Raise a Glass and Celebrate Two Beer Holidays This Week
America has all sorts of obscure holidays, from Frozen Food Day (March 6) to Walk on Stilts Day (July 27) to Virus Appreciation Day (October 3). Most of these go unnoticed by all save the biggest frozen food lovers and virus appreciators among us. But there are some little-known holidays that deserve much more acclaim—like the anniversary of beer’s return to America.
On April 7, 1933, 14 years after Prohibition began, the sale of beer was once again legal in the U.S. Across the country, people crowded into taverns and restaurants to order a pint—or three—of the long-absent libation. So eager were Americans to wet their whistles again that many had begun packing the streets on the night of April 6, a date known as "New Beer’s Eve," to await the first deliveries. In Chicago, WGN Radio had a correspondent updating listeners as the first barrels made their way from the brewery to locations across the city, while in Baltimore, rain-soaked patrons cheered the delivery trucks as they made their rounds.
As the first barrels rolled in, years of pent-up mischief and merriment were released in a great sudsy flow.
“The downtown section was a Mardi Gras,” The Baltimore Sun wrote of the scene at the time. “Hundreds of horns, whistles, guns and small cannon shrieked and roared while the hands of 'Big Sam'—the City Hall clock—crept past midnight."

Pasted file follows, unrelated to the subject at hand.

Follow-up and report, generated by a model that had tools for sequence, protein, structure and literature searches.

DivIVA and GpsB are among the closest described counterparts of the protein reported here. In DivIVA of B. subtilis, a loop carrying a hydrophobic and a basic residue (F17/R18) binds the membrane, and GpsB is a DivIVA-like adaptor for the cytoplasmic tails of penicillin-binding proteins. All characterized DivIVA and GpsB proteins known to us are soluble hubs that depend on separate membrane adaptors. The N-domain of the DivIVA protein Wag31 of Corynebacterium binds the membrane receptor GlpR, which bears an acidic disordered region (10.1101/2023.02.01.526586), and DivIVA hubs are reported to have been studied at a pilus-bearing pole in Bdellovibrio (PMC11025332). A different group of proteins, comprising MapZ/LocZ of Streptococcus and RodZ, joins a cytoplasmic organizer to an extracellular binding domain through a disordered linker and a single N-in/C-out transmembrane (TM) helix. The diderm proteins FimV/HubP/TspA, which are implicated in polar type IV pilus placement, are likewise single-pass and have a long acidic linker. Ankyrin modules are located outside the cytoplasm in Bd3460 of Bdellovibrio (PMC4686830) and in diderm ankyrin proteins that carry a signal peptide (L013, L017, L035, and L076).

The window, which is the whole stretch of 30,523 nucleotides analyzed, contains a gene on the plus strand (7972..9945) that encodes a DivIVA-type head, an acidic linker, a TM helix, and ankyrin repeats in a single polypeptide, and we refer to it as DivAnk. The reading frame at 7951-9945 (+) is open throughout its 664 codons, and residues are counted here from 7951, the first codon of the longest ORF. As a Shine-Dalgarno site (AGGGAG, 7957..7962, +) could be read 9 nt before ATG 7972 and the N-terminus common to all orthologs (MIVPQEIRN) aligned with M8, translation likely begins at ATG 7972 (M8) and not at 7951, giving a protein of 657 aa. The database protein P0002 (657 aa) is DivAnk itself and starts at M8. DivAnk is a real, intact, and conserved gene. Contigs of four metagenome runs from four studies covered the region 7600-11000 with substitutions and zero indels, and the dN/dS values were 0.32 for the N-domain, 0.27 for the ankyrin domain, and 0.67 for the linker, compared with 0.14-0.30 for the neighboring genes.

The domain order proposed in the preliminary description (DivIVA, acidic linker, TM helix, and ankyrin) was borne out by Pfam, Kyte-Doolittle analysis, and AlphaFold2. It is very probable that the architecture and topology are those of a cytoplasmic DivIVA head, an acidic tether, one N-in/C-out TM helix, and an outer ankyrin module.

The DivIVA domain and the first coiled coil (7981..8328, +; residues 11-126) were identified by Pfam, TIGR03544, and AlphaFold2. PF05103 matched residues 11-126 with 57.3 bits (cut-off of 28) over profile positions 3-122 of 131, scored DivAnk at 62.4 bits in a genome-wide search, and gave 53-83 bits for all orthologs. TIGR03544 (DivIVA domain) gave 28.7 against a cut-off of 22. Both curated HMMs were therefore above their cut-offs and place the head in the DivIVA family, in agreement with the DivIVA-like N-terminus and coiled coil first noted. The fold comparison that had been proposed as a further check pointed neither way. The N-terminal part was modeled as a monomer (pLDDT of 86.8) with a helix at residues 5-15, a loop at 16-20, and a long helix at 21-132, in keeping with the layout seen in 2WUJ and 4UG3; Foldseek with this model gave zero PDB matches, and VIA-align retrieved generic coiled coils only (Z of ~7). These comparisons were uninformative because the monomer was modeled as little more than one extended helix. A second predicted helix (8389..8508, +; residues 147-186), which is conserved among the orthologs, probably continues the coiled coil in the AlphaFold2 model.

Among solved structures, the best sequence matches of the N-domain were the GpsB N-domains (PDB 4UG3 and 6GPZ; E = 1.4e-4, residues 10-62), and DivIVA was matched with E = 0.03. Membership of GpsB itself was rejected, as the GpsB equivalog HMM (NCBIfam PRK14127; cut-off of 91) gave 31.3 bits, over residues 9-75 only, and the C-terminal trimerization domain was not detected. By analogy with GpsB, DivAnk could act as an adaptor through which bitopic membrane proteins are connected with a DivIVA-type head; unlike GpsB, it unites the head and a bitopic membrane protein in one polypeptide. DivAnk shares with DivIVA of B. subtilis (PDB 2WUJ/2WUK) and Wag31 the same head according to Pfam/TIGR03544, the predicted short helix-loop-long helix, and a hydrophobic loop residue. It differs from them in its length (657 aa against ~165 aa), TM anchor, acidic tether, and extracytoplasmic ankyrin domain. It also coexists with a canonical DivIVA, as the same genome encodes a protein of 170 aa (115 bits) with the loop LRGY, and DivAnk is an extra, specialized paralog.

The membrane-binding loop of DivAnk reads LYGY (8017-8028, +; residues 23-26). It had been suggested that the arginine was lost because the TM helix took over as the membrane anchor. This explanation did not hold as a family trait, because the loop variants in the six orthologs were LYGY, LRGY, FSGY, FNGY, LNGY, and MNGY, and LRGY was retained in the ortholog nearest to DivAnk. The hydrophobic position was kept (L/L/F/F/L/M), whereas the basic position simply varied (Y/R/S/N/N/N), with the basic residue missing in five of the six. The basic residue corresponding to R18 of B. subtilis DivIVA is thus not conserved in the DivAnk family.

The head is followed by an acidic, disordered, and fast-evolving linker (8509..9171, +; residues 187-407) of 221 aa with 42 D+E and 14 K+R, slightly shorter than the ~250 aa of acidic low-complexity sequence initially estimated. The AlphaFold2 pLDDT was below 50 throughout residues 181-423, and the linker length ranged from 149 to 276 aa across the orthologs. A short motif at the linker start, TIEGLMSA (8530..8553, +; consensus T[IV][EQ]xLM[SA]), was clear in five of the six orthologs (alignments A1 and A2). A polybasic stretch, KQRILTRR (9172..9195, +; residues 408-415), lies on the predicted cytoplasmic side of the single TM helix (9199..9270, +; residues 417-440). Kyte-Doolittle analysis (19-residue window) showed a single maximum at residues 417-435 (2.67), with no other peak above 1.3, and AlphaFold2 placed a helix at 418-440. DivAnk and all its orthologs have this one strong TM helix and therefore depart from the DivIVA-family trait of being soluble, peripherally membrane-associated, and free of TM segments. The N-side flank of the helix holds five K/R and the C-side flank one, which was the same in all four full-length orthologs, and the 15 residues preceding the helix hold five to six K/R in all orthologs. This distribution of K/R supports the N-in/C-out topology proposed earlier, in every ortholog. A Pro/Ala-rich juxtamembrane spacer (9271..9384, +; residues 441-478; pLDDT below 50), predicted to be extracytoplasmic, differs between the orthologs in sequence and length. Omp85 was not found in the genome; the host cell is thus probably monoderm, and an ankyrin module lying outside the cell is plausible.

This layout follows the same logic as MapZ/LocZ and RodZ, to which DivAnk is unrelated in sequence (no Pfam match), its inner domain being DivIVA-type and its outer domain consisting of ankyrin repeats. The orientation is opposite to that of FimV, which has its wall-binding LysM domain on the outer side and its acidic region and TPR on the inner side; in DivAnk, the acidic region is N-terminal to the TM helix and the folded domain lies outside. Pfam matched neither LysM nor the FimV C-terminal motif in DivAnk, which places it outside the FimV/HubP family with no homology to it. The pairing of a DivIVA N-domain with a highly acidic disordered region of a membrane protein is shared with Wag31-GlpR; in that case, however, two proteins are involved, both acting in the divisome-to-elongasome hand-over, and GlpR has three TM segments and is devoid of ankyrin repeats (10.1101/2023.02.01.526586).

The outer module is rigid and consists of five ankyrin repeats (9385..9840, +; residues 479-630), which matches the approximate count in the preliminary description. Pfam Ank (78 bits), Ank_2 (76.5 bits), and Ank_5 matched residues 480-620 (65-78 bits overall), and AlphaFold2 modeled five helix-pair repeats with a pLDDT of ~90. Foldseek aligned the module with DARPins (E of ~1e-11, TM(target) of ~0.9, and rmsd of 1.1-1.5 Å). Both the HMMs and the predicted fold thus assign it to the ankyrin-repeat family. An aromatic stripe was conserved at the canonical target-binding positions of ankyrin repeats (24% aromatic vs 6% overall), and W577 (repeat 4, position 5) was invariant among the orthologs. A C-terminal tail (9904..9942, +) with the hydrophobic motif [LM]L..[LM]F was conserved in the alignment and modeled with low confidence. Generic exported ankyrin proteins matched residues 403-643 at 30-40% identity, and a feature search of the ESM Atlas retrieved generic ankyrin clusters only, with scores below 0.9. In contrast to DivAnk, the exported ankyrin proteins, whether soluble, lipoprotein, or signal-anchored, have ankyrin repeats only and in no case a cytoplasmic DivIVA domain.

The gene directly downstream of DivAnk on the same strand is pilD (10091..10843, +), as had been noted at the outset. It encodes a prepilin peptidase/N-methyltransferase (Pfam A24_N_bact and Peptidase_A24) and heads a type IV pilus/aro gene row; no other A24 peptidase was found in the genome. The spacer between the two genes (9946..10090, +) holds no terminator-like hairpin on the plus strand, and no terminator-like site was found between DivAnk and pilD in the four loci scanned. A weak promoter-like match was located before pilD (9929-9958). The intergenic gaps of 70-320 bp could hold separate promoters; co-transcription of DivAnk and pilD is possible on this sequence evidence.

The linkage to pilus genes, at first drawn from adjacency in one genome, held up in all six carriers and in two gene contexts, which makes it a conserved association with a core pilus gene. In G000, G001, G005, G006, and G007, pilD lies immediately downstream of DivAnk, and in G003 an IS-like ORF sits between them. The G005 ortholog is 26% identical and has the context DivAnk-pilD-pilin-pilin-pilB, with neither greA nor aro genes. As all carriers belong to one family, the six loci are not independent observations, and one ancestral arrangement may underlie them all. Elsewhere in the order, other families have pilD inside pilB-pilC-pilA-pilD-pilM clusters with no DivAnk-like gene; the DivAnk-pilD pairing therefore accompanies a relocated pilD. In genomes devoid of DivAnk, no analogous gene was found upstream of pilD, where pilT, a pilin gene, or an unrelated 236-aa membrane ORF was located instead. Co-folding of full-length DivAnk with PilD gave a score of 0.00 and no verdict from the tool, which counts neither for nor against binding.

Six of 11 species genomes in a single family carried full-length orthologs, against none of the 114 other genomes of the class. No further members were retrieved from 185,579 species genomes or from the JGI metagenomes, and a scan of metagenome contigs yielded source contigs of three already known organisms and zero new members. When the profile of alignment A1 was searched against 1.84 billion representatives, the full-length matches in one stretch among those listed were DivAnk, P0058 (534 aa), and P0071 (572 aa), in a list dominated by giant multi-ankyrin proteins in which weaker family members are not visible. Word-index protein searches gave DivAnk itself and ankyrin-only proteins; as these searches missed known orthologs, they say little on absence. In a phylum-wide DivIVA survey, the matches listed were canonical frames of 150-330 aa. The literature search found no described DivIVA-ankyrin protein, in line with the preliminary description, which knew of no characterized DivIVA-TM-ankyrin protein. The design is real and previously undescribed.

Prohibition was still in effect at the time, and only 19 states had agreed to begin selling beer once again. Also, the newly brewed beer was only 3.2 percent alcohol by volume (drinkers would have to wait until the official end of Prohibition on December 5 to get anything above that, including liquor). But this was a major shift for citizens who had spent years ducking into speakeasies and downing "near beer," which had an ABV of just .5 percent, the maximum amount allowed under Prohibition.
Newly elected president Franklin D. Roosevelt had overseen the legal maneuvering behind beer’s reemergence. With the support of a group of anti-Prohibition members of Congress known as “the wets,” he secured passage of the Cullen-Harrison Act, which legalized the sale of low-alcohol beer and wine. In truth, Roosevelt had ridden the wave of public disgust toward Prohibition, which had grown particularly sour during the Great Depression, when many people were in need of a boozy pick-me-up.
The act had an immediate effect on more than just the national morale. Breweries, which previously had to lay off workers and turn to alternative revenue streams like furniture and toy manufacturing, hired back more than 50,000 workers. Brewing cities like Milwaukee, St. Louis, and Chicago benefited, and throughout the country, sales of beer and wine gave businesses a much-needed shot in the arm. Within the first two days of beer's reemergence, more than $25 million flowed into breweries and related businesses.
Today, beer continues to be a commercial juggernaut, with yearly sales topping $105 billion. And it all started—or re-started—on a boozy April 7 more than 80 years ago. So spend today picking out your favorite brew so that tomorrow you can raise a glass to National Beer Day. As FDR said at the time, “I think this would be a very good time for a beer.”